Irene E. Markgraf

Broker, SRES, ABR, GRI, SFR

Top Fall Prevention Care



Aging in Place: Top Fall Prevention Care

By John Voket

 

According to the CDC, each year, one in every three adults age 65 and older falls. In light of this, I am continuing our fall prevention advice this fall, tapping prevention resources to help keep those who have chosen to "age in place," as safe as possible.

In our previous segment, we took a look at some general winter hazards, and keyed in on some outdoor fall prevention advice. In this segment, we'll take it inside, focusing again on an informative checklist, from Home Instead Senior Care.

Their checklist at MakingHomeSaferforSeniors.com can help family and caregivers to determine if a senior’s home is safe from hazards that could jeopardize well-being and independence.

According to the checklist, some of the most important fall prevention questions to ask are:

  • Is there adequate light on basement stairways?

  • Are there sturdy handrails for the stairway?

  • Are the steps too steep or slippery?

  • Does the last step blend in with the floor?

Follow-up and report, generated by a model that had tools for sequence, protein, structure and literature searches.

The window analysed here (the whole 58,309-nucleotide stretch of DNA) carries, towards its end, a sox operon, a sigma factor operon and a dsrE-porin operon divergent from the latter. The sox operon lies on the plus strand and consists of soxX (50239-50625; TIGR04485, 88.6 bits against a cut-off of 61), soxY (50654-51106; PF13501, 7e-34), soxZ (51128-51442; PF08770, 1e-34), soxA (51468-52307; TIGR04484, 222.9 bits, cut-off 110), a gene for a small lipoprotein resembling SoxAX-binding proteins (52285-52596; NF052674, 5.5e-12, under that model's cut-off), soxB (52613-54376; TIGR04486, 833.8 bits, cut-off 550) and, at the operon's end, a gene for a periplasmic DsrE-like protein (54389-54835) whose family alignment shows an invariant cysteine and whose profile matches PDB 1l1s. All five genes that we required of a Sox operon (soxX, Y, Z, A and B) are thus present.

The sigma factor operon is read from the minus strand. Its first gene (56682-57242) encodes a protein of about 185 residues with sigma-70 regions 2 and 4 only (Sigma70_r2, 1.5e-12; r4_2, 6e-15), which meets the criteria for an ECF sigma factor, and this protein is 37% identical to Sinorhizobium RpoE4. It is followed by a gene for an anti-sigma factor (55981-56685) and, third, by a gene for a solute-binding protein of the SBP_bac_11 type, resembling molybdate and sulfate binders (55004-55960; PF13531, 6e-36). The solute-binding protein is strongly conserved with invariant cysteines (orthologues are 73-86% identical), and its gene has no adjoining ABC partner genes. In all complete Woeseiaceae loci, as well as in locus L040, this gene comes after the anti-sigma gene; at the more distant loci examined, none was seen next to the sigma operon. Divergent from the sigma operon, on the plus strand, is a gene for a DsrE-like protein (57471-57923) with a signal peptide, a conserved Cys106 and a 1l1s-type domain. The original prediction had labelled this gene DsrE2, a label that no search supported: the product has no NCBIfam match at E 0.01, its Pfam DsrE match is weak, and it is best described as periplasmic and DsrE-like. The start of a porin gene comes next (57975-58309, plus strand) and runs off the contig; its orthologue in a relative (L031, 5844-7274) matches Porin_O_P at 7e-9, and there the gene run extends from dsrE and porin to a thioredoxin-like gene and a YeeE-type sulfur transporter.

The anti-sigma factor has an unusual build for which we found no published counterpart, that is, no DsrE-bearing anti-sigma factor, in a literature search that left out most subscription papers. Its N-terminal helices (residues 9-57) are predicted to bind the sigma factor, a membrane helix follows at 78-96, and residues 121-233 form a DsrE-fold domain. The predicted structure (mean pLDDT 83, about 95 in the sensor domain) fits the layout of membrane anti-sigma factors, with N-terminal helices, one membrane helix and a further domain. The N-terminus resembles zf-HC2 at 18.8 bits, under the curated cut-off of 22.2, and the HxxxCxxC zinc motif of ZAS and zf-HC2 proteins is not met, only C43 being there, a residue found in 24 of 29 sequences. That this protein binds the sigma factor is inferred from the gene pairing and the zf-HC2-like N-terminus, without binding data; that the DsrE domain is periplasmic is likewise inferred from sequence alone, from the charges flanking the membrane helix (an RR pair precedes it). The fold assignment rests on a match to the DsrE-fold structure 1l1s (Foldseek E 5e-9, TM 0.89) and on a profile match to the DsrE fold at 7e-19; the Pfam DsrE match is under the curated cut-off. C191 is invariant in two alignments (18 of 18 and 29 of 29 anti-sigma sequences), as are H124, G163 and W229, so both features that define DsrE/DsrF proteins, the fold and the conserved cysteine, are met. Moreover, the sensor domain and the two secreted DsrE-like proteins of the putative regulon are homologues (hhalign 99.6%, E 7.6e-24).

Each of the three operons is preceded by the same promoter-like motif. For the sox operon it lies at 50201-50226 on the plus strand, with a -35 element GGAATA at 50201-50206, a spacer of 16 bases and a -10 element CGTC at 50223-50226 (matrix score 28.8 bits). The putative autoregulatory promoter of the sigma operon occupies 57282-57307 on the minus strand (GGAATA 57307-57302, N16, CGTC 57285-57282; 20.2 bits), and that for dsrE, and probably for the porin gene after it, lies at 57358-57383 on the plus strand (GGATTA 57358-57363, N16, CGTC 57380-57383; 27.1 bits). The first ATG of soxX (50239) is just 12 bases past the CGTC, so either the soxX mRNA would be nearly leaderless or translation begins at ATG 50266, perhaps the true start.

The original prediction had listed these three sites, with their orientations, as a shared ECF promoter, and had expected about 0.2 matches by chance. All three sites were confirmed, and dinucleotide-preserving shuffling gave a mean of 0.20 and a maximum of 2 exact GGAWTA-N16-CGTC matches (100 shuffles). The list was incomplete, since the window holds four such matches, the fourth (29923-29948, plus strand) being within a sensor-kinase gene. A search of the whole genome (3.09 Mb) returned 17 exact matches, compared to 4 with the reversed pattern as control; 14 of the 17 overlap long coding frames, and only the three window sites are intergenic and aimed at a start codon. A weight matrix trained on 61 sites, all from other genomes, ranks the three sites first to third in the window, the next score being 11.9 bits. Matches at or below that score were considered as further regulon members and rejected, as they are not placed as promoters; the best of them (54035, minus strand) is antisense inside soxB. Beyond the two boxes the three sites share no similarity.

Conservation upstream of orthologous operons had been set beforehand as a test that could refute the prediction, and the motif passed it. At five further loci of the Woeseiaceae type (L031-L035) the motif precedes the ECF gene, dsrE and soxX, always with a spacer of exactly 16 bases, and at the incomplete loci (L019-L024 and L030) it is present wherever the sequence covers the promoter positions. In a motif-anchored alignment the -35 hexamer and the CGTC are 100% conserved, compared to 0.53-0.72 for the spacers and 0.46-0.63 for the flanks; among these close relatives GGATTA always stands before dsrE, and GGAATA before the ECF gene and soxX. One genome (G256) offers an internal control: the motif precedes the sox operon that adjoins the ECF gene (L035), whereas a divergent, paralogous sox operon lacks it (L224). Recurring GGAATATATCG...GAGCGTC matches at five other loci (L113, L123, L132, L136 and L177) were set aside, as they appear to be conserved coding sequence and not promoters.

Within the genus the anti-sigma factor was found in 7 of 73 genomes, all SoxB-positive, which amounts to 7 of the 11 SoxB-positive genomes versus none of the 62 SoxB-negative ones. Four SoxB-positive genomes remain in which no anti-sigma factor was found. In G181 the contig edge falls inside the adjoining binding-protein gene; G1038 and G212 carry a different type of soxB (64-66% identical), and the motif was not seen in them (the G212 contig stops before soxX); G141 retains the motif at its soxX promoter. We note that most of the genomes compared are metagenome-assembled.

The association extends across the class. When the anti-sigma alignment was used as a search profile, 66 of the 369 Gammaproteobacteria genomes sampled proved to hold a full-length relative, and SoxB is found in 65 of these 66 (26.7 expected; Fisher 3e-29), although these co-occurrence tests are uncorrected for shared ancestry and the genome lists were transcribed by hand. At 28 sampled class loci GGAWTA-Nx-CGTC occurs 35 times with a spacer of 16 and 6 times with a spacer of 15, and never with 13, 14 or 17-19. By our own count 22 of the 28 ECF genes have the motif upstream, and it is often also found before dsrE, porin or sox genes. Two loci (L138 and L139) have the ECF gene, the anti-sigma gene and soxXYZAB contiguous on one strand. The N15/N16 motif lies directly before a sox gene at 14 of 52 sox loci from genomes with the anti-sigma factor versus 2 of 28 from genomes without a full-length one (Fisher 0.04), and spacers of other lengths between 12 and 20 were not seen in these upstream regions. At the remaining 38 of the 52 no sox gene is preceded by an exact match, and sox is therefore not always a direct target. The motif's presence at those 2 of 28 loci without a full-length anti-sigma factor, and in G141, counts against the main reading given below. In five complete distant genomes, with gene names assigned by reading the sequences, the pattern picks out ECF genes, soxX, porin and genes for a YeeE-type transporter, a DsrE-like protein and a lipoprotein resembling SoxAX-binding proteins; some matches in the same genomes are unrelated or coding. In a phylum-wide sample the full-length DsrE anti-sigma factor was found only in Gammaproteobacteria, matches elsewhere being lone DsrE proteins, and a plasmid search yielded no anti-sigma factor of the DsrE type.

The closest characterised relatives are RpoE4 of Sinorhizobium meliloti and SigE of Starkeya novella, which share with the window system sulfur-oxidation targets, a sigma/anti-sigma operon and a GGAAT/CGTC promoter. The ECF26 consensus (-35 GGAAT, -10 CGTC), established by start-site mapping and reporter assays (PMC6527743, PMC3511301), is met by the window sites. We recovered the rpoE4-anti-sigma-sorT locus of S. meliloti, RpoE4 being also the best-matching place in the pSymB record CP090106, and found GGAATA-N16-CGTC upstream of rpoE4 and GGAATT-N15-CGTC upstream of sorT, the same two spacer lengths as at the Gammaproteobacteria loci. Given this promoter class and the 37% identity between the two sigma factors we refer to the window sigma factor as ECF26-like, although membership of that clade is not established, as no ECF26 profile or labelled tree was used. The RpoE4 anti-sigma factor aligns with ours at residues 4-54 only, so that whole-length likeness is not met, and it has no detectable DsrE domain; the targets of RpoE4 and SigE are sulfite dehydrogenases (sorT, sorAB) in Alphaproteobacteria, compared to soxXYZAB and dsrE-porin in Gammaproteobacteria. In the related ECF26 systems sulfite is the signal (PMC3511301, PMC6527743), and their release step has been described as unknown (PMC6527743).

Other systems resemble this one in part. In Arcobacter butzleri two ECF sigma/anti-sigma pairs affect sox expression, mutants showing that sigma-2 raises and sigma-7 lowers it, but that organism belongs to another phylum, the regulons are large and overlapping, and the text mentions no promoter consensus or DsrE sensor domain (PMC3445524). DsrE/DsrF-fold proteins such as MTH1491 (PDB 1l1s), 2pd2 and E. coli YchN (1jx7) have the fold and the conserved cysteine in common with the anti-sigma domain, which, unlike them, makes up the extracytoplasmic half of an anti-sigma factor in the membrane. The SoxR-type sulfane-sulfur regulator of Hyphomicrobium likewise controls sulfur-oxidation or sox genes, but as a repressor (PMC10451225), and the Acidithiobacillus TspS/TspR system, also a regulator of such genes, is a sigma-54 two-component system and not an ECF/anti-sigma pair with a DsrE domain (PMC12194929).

• Are the pathways cluttered?

  • Is laundry detergent in bottles or boxes too heavy to lift?

  • Has detergent spilled on the laundry room floor?

  • Does the senior have to carry baskets of laundry up and down stairs?

To address these potential hazards, and to help make your senior's home safer:

1. Increase wattage to allowable limits, and add overhead and wall lighting, if necessary.

2. Add at least one railing the entire length of the wall. Ideally, there should be a railing on both sides. Consult with a credible contractor to make sure he – or you – install a railing that is safe and up to code.

3. Add adhesive stair treads or a carpet runner. Check with department, carpet or home improvement stores.

4. Paint the bottom step a different color to better distinguish the last step from the basement floor.

5. If stairs become a dumping ground for items such as shoes, remove and organize in a closet or elsewhere in the basement.

6. Divide laundry detergents into smaller containers or bottles.

7. Encourage seniors to immediately clean up spills and wear shoes or socks with non-skid soles in the laundry room.

8. If possible, move laundry to the main living area.

Loved ones who worry that their aging in place seniors may still be at risk may be ready to consider hiring a caregiver companion, who can assist with many of those household tasks that seniors could be struggling to do.

Reprinted with permission from RISMedia. ©2014. All rights reserved.